After an 8-3 road trip and with the American League East-leading Boston Red Sox in town for a key four-game series this week, the Indians should be greeted to a raucous playoff-like atmosphere at Progressive Field in the team’s return to Cleveland.
The Indians (68-54) won four straight series and finished their road trip strong, taking three of four from Tampa Bay, one from Boston in a makeup game, and two of three against both Minnesota and Kansas City. In a notably difficult stretch of the schedule, the Indians have stepped up their game and look to be in top form, despite still being limited by injuries. The offense has been providing in bulk and at clutch moments, the bullpen has been consistent, and the starting rotation has been lights out. During their road trip, they outscored the opposition, 58-26, putting up an average of 5.3 runs per game. The starters combined for a 2.32 ERA in that stretch and the team hit .290 with runners in scoring position.
Cleveland manager Terry Francona tried to loosen up the Indians clubhouse a little bit heading into a key weekend series in Kansas City with the Royals. The results appeared evident on the field, as the Indians routed the Royals by a 10-1 final, but had a scare in the sixth inning when starting pitcher Corey Kluber had to exit the ball game early with an injury.
In a game that had plenty of positives to draw upon, Indians’ players, brass, and fans were all collectively holding their breath in the sixth when Kluber broke from the mound and appeared hobbled as he attempted to cover first base on an infield single. He was able to talk his way back onto the mound in what was then a 6-1 contest and pitched to another batter, but after the base hit, Francona and the team trainer were back out to the mound to escort Kluber from the game.
It was announced late in the game that Kluber left with a right ankle sprain.
A lengthy eleven-game road trip has proven to be little problem for the Cleveland Indians as they return to Kauffman Stadium for a three-game set with the Kansas City Royals this weekend.
It will be a clash of the top two clubs in the American League Central, as the Royals (61-59) have slipped a half-game in front of the Minnesota Twins for the second spot in the division. After ignoring any urges to sell at the deadline, the Royals instead attempted to bulk up the roster, adding to the outfield, bullpen, and starting rotation. They have hung around the Wild Card race, trailing the second spot by a half game going into action on Friday, and have kept close enough in the AL Central to keep that divisional battle alive and well. A big weekend for the club could cut the gap significantly.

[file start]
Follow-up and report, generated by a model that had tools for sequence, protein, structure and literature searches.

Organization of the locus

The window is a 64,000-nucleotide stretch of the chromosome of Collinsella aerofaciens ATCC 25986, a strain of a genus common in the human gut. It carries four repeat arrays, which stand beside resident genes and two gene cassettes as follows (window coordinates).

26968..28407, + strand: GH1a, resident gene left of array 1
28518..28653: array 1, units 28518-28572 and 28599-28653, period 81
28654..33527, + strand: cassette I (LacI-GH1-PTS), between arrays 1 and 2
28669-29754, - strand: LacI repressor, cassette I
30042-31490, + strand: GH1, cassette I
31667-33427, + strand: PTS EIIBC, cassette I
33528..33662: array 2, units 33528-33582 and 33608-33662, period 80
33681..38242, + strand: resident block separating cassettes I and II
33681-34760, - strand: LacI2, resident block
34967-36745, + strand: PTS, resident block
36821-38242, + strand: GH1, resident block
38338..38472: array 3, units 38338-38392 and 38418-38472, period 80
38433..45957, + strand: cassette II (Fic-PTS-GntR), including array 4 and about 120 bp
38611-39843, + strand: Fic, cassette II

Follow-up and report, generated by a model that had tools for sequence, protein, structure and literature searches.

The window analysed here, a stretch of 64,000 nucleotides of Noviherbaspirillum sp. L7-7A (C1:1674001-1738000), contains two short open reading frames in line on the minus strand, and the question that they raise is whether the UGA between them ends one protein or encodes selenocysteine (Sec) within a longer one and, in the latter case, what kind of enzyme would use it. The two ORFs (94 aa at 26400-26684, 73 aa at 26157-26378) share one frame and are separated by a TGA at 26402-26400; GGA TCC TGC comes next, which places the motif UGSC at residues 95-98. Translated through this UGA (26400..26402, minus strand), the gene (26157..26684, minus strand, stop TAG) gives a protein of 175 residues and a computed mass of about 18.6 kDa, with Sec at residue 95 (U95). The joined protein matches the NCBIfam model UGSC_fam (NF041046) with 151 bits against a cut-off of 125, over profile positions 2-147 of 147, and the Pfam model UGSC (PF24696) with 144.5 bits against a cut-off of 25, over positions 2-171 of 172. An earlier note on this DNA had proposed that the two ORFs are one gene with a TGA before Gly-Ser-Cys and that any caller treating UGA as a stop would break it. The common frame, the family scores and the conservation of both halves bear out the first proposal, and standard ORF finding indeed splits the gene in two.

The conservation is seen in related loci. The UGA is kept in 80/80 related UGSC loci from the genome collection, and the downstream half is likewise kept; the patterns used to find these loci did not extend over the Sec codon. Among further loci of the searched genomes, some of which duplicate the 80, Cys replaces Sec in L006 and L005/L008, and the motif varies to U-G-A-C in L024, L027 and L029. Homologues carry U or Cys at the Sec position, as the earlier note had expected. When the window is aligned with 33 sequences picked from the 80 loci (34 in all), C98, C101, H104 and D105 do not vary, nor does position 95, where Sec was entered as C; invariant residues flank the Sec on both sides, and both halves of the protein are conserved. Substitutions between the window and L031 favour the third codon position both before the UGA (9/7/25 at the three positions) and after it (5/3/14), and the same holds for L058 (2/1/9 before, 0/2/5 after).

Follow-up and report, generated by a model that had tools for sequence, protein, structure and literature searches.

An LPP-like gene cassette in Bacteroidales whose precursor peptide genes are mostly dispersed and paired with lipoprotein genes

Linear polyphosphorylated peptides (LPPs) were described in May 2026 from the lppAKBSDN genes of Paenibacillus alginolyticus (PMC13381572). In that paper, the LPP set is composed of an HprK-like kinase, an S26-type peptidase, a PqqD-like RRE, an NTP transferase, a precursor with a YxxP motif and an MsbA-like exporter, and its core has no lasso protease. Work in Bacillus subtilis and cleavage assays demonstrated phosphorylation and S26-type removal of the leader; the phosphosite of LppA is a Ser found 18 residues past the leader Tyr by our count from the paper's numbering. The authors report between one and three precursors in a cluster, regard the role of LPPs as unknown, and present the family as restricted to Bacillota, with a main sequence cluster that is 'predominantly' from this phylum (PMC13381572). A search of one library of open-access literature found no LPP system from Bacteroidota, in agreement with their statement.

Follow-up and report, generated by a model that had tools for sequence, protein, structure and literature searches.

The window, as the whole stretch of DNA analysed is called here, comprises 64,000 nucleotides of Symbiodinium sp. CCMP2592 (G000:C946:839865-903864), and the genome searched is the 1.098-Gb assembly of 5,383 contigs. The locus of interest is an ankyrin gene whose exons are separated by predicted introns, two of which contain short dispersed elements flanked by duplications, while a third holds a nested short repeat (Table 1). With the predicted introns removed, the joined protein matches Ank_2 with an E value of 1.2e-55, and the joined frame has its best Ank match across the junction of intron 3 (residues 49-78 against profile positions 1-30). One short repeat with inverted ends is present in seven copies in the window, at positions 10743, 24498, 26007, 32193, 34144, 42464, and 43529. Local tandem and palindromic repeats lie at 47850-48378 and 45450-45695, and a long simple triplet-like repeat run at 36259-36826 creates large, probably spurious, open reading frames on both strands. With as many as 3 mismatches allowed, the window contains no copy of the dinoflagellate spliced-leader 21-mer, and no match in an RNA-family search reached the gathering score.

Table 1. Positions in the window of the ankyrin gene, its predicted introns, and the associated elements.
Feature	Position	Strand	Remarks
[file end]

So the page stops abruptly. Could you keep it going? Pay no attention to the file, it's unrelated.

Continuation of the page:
The Indians (66-53) saw their six-game winning streak come to an end on Thursday night, but the club is still riding a wave of strong performances on the road. After dropping the first game of their long roadie in Tampa, they won three straight from the Rays, took a one-game makeup date in Boston with the Red Sox, and defeated the Twins in the opener on Tuesday and in game one of a doubleheader on Thursday. The Indians will now look to expand on their divisional lead, currently sitting at five and a half games over the Royals.
It was not Kluber’s best start of the season, but he did what an ace was supposed to do, keeping his club in the game long enough to find a way to win.
Year after year, the Tampa Bay Rays seem to find themselves with a light payroll, a young and overproducing roster, and a fight for a playoff berth. This season is no different, as despite a heavily contested battle atop the American League East, the Rays are lurking in the shadows of the American League’s Wild Card picture.
The Indians (60-51) will head to the Trop in St. Pete to take on the perennial playoff challenger, one who stood in the way for Cleveland in 2013, for a four-game series beginning Thursday night. The Tribe’s offense has stumbled in the last few games and the team found itself in a bit of a predicament at the plate, but, despite the woes, they were able to pick off a game during their two-game series split with the Colorado Rockies during the week to wrap up a 3-3 homestand. They split a four-game set with the New York Yankees last weekend.
For 26 outs, the Cleveland Indians had just four hits to show against the Colorado Rockies and looked to be in severe jeopardy of wasting nine fantastic innings of one-run baseball by Corey Kluber. That 27th and final out would never come, as the Indians rallied for four runs, including a game-tying two-out bloop single by Austin Jackson and the game-winning three-run home run from Yan Gomes as Cleveland stunned Colorado and All-Star closer Greg Holland with the improbable comeback and a walk-off victory.